NY Yanks 3 Baltimore 1: Just as Justin Verlander had his lights-out moment in dominating the Oakland A’s in one American League Division Series, C.C. Sabathia would prove to own this one. Sabathia, who’d worked into the ninth inning in a Game 1 win went a little bit better this time around and tossed a four-hit complete game, his big lefthanded frame willing the Yankees into the ALCS. Baltimore’s Jason Hammel pitched well on his own end, but in a series when runs were few and far between to begin with, there was no margin for error and New York was able to scrape out a couple.
Mark Teixeira singled in the fifth, and in a mark of how desperate managers were to create offense, the slugger stole second and scored on a base hit by Raul Ibanez. The Derek Jeter-Ichiro Suzuki combo created a run in the sixth with a walk and double. And Curtis Granderson broke out of a slump that, unlike other New York hitters, predates the postseason by quite a bit, when he homered.
Baltimore made its move in the eighth, scoring a run and having the bases loaded with one out. Nate McLouth, who’s been one of the few Oriole hitters capable of anything in this series struck out, and J.J. Hardy—one night removed from the extra-inning double that won Game 4 grounded to short and the best Baltimore chance went by the boards.
The League Championship Series action begins this weekend. New York is right back in action on their home field as they host Detroit for Game 1 on Saturday night. St. Louis will travel to San Francisco, a series that begins on Sunday night. TheSportsNotebook’s ALCS preview is online, and the NLCS preview will follow on Sunday morning.
Comebacks were the story of the day in the MLB playoffs yesterday. The Oakland A’s were three outs from going home before they rallied to beat Detroit. The New York Yankees trailed in the ninth inning, before making what will surely be one of the most celebrated pinch-hit decisions in baseball history and then winning a 12-inning game over Baltimore. And the San Francisco Giants won their second straight elimination game on the road and forced a decisive fifth game in Cincinnati.
We’ll run down all four games from yesterday, including St. Louis’ win over Washington, and look ahead to another quartet today…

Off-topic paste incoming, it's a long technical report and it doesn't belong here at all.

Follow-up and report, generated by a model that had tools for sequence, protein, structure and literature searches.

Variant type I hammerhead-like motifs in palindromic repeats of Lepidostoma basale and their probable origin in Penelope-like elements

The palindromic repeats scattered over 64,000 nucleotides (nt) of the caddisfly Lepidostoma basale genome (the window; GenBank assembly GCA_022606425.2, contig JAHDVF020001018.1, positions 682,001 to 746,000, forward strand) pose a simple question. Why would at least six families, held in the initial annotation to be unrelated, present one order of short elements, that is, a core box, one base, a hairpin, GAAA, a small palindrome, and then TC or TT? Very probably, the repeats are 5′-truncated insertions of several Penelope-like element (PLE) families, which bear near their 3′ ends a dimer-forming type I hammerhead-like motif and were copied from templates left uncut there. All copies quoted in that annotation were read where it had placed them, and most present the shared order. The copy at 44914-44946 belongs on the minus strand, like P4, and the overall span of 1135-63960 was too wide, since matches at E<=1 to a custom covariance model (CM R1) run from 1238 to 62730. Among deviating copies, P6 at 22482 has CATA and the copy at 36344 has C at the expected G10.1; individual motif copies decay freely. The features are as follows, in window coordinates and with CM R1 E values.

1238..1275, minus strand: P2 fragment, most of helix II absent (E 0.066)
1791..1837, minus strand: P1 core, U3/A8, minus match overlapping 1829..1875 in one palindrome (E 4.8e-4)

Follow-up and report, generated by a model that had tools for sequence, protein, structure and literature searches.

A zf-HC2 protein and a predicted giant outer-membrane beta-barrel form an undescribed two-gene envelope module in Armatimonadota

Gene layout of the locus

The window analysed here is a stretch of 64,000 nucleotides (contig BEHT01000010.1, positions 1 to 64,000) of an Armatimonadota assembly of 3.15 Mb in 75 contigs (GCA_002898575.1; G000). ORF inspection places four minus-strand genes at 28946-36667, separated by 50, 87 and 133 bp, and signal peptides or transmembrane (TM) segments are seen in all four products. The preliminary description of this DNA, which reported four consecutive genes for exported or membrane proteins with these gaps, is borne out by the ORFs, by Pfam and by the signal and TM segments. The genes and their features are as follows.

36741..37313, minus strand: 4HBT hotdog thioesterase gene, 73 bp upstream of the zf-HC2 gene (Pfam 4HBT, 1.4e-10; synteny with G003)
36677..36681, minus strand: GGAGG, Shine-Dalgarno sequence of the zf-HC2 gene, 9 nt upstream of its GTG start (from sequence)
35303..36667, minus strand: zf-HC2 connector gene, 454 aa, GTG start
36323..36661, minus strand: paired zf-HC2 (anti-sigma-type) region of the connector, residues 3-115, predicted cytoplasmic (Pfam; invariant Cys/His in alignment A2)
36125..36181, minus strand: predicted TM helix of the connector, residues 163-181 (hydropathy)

Oakland 4 Detroit 3: The worst-case scenario for Detroit finally materialized. They played a good game for eight innings, getting a solid five-plus from Max Scherzer, got a home run from Prince Fielder and had chipped their way to a 3-1 lead in the ninth. They were things you could pick some nits over—a scoring opportunity in the fourth went by the boards when Jhonny Peralta hit into a double play and a Fielder error set up Oakland’s lone run to that point, but the Tigers were—for the third straight game—getting good starting pitching from guy not named Verlander—and just enough offense.
But the Detroit bullpen has been problematic all year and for a high-save closer, Jose Valverde flirts with danger way too often. On Wednesday night he quickly gave up a single to Josh Reddick and consecutive doubles to Josh Donaldson and Seth Smith, tying the game before an out was recorded. Then when Valverde got the brink of escaping, the Coco Crisp beats him with a walk-off single.
Crisp is hitting .222 for the series, but he seems in the middle of everything, from key hits to start games and now a season-saving hit to end one. Now the miracle A’s are one win away—sure, it’s against Verlander, but do they really believe they can lose?
NY Yanks 3 Baltimore 2 (12): There was one out in the ninth and Joe Girardi was apparently less than inspired by Alex Rodriguez’ .083 series batting average as the $30 Million Man strode to the plate. Girardi rolled the dice and pinch-hit for A-Rod, sending Raul Ibanez to the plate. Strategically the move was a no-brainer. A-Rod was slumping, his power had been down all year, Ibanez had the lefty-righty matchup against Baltimore closer Jim Johnson and Ibanez was more than capable of reaching the short rightfield porch to tie the game.
Still, the odds in any single situation favor the pitcher in baseball if only because of the numbers. Was Girardi going to lose A-Rod and subject both to a sea of questions for no gain? The sea of questions are going to be in A-Rod’s future, but no one else will care, because Ibanez not only delivered the unlikely home run to tie the game, he homered again in the 12th to win it.
Neither team produced any kind of consistent offensive threats—the Orioles got their runs on the long ball from Ryan Flaherty and Manny Machado, while the Yankees other run came on a two-out triple from Derek Jeter early on.